I’m researching the impacts of age structure on retail sales and other measures of economic activity at subnational levels. In many cases I find states are too large an area to look at for meaningful insights. However, I hoped for more from a graph than this.
Same project but this time I am looking at the dependency ratio, so I thought a map showing the way this number is spread across the country was in order. It is something we talk about in the summer demography class so I figured at the least the students would find it a bit interesting.
I was thinking about North Dakota and the population shifts and changes of the the last few years. The economics of the state are so clearly connected to the population changes, which are clearly connected to the economic changes in the state too. There really is an intense and important feedback relationship between population and economics in this state in particular.
The simple fact is that pensions are still in the news all the time. You might think they settled down after the Detroit pension debacle but do a quick Google News search on pensions and you will see that teacher pensions in multiple states are in the news, Park District employees in Chicago won a court case regarding pensions, and I tweeted a few days ago an article pointing out the problems with a multi-company pension that seemed to be teetering on the brink. This is not a rant against workers pensions though. Pensions are an important part of the negotiated compensation package between workers and employers.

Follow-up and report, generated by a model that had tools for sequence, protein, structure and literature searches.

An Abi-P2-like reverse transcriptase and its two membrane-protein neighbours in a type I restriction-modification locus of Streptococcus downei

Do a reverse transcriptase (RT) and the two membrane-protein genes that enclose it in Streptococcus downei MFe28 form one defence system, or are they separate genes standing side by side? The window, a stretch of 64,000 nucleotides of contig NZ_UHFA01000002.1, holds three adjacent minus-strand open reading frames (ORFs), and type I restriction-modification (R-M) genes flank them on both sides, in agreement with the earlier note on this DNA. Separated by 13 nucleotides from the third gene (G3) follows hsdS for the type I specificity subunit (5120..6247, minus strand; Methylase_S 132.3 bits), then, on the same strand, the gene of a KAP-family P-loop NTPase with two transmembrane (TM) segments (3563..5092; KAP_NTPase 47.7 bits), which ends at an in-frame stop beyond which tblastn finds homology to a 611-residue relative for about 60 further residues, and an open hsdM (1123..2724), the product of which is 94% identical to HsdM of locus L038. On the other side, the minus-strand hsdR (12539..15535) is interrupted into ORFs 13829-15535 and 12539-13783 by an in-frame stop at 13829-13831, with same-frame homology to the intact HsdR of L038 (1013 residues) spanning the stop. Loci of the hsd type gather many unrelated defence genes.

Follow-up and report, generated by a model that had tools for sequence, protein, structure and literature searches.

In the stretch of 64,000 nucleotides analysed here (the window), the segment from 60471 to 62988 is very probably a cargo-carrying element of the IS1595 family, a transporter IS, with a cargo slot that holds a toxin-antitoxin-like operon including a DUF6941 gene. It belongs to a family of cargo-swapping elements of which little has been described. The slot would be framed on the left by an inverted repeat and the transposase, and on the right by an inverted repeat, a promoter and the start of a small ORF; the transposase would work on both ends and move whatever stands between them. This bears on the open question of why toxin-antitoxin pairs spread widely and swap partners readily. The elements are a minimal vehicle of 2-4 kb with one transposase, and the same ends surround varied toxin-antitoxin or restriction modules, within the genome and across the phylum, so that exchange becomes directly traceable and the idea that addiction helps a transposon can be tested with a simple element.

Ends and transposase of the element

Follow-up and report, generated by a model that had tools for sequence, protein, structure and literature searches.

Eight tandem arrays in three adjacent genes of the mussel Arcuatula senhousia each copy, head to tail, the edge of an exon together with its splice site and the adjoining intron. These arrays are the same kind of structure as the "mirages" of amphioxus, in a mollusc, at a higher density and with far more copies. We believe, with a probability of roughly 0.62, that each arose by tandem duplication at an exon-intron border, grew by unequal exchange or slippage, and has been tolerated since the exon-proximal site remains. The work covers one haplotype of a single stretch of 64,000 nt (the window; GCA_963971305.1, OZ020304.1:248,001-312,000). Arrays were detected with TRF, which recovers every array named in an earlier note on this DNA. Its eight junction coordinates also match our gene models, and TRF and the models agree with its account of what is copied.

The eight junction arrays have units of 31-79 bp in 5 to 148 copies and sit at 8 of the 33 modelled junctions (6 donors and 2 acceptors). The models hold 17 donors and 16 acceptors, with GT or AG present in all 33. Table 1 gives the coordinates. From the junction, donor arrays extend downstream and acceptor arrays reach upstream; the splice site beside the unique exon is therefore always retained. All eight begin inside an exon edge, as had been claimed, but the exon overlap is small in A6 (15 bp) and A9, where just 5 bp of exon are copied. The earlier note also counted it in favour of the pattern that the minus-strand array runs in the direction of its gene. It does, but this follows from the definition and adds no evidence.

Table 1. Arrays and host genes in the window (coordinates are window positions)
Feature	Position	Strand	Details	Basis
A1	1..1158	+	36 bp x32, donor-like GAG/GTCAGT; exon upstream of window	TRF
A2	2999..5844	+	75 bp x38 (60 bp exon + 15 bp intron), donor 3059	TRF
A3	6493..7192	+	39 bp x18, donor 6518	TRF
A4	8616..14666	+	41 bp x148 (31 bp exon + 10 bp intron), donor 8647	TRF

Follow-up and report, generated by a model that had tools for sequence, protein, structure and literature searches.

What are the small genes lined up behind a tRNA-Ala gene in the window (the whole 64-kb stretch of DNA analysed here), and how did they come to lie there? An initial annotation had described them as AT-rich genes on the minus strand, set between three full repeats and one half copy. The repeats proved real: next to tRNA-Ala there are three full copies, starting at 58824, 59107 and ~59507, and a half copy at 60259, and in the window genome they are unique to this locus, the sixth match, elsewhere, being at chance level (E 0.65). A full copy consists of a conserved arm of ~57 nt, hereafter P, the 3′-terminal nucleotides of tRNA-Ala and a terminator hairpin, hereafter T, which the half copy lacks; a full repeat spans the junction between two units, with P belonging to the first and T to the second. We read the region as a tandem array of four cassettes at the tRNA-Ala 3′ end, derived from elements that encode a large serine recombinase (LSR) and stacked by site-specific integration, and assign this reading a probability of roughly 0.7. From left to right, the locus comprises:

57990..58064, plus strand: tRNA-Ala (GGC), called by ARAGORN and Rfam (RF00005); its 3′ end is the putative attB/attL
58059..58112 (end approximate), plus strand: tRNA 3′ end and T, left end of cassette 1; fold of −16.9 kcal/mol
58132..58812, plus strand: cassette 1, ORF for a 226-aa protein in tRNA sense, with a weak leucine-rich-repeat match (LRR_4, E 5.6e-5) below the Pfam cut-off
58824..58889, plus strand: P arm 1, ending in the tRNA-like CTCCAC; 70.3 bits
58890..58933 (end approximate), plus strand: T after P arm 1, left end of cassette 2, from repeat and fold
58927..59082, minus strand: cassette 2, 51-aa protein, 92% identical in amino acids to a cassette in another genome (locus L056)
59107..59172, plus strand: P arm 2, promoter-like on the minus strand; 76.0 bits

The demographic transitions within North Dakota due to the Bakken oil boom are simply fascinating. These are part of my presentations at the North Dakota Demographics Conference. Some of this may be updated in the next few days because the Census Bureau released new data today that I am still working through even as I write this. Multitasking with writing blog posts and computer code is one of my skills. Ask JT about it on his radio show sometime.